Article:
At first I struggled to find aesthetic merit in lots of the music I was hearing. There comes a point when the rapidity of the riffs render them unintelligible, and certainly the lyrics are unintelligible. Is there a point at which high art tips over into meaninglessness? Or at which so-calld ‘low art’ ceases to be worthy even of consideration? Some of the musicians were clearly technically very proficient, but often their very intricate guitar playing was as unintelligible as the lyrics, and it was hard to distinguish between competing blurs of noise. Poor production is the plague of extreme metal, since recording and mixing such low register sounds and achieving clarity of parts is notoriously difficult. It requires highly-skilled sound engineers and expensive studio equipment which most extreme bands cannot afford. However there is also an element of self-sabotage in the poor sound quality of these bands’ recordings. Many of them don’t want to sound good. Sludge metal- the word itself implied a muddy, messy sound. Norwegian black metal is deliberately blurry, almost watery, with the aim of being vague and disorienting. I wondered at this self-defeat, particularly when so many of these bands contain highly skilled musicians.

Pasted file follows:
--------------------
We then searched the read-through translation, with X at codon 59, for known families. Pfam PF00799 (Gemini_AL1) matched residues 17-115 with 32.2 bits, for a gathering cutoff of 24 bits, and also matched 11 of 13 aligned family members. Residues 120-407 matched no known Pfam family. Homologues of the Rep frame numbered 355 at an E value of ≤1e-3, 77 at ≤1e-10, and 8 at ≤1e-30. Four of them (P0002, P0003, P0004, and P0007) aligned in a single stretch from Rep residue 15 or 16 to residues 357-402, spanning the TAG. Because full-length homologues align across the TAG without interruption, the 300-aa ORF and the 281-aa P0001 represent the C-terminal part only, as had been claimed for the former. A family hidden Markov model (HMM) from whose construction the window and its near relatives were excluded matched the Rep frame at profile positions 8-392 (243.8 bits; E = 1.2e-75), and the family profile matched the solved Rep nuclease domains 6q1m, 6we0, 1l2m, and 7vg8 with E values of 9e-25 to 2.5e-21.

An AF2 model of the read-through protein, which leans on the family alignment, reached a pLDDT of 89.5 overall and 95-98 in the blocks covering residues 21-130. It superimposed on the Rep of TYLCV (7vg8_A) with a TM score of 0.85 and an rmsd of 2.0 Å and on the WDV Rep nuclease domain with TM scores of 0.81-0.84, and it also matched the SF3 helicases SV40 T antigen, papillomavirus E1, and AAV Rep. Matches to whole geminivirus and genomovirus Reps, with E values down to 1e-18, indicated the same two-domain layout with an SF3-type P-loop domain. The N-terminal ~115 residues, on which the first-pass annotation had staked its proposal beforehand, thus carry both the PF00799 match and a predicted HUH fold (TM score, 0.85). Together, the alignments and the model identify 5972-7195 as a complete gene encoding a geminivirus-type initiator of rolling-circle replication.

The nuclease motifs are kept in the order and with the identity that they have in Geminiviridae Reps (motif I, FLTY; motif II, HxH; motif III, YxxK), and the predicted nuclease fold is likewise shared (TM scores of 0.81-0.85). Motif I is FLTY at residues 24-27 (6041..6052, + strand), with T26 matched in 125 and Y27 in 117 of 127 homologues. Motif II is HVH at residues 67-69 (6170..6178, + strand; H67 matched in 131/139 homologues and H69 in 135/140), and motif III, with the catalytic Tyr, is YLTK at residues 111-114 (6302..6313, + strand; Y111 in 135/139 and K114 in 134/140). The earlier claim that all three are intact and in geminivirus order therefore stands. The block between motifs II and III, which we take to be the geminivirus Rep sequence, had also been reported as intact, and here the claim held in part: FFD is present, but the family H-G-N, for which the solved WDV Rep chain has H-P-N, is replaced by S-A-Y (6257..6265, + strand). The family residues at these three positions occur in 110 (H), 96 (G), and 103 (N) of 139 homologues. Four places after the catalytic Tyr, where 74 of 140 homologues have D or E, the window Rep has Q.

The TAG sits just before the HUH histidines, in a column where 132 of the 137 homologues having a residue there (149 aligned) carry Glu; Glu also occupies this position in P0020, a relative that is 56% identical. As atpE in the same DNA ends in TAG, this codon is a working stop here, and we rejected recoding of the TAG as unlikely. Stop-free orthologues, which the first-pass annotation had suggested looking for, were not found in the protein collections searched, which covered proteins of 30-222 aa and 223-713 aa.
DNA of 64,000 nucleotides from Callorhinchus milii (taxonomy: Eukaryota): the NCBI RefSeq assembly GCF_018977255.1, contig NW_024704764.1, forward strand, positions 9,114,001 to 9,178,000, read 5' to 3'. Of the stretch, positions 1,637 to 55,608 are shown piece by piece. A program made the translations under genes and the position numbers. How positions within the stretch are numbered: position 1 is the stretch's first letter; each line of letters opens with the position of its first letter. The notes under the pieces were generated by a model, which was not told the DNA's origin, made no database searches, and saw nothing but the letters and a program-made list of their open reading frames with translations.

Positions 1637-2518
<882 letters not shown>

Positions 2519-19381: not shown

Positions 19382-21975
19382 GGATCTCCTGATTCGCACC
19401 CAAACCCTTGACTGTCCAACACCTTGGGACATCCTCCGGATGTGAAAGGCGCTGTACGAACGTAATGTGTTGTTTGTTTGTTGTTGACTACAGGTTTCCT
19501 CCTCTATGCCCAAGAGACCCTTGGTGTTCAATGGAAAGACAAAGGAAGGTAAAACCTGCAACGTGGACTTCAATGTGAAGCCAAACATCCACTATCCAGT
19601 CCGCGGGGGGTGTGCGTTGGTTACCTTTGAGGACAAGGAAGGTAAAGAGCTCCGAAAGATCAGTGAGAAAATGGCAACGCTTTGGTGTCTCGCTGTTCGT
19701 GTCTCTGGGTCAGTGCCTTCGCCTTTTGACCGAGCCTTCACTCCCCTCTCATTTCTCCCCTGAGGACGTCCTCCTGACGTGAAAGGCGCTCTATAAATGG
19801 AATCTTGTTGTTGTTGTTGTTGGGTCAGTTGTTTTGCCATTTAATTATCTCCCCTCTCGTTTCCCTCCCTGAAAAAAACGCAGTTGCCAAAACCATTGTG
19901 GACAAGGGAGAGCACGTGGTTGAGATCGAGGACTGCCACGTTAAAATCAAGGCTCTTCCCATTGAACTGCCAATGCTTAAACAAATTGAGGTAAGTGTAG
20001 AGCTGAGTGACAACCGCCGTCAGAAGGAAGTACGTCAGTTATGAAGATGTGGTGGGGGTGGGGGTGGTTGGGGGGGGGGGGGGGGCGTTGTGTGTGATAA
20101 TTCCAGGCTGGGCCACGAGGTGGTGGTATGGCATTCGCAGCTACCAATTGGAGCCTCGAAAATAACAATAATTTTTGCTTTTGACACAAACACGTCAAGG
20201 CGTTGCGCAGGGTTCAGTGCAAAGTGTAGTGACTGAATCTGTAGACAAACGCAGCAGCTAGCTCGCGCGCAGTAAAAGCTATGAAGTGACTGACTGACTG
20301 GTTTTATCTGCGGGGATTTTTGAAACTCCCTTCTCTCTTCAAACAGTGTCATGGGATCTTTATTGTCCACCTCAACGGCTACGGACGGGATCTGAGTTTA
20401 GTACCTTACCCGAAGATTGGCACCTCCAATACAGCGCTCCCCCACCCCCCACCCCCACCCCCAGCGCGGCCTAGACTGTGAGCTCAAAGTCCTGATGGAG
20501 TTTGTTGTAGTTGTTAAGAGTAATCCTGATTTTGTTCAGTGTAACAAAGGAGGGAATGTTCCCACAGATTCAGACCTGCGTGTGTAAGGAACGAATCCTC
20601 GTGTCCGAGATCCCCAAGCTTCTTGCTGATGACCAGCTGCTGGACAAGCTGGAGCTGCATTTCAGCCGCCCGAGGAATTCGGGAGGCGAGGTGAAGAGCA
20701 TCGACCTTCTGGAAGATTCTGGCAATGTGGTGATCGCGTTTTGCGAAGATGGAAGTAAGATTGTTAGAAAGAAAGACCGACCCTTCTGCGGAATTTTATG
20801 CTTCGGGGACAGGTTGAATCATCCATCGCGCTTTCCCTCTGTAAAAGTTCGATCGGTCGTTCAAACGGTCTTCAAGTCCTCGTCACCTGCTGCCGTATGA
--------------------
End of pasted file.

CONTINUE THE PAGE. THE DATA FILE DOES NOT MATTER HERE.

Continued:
But gradually I began to find beauty and pleasure in the more extreme fringes of metal. I know about formless noise; my house filled with children is a den of discord, and it’s not music. This was music.

I began to listen to ‘mathcore’. Mathcore is a version of metalcore characterized by highly complex rhythms, dissonance, and frequent time signature changes. It is perhaps the metal equivalent of modernist composer Schoenberg. To the untrained ear, Schoenberg sounds random and meaningless, but it was in fact mathematically decided. His twelve-tone composition technique was to ensure that each of the twelve tones within the chromatic scale were used as often as each other, with no emphasis on any one note.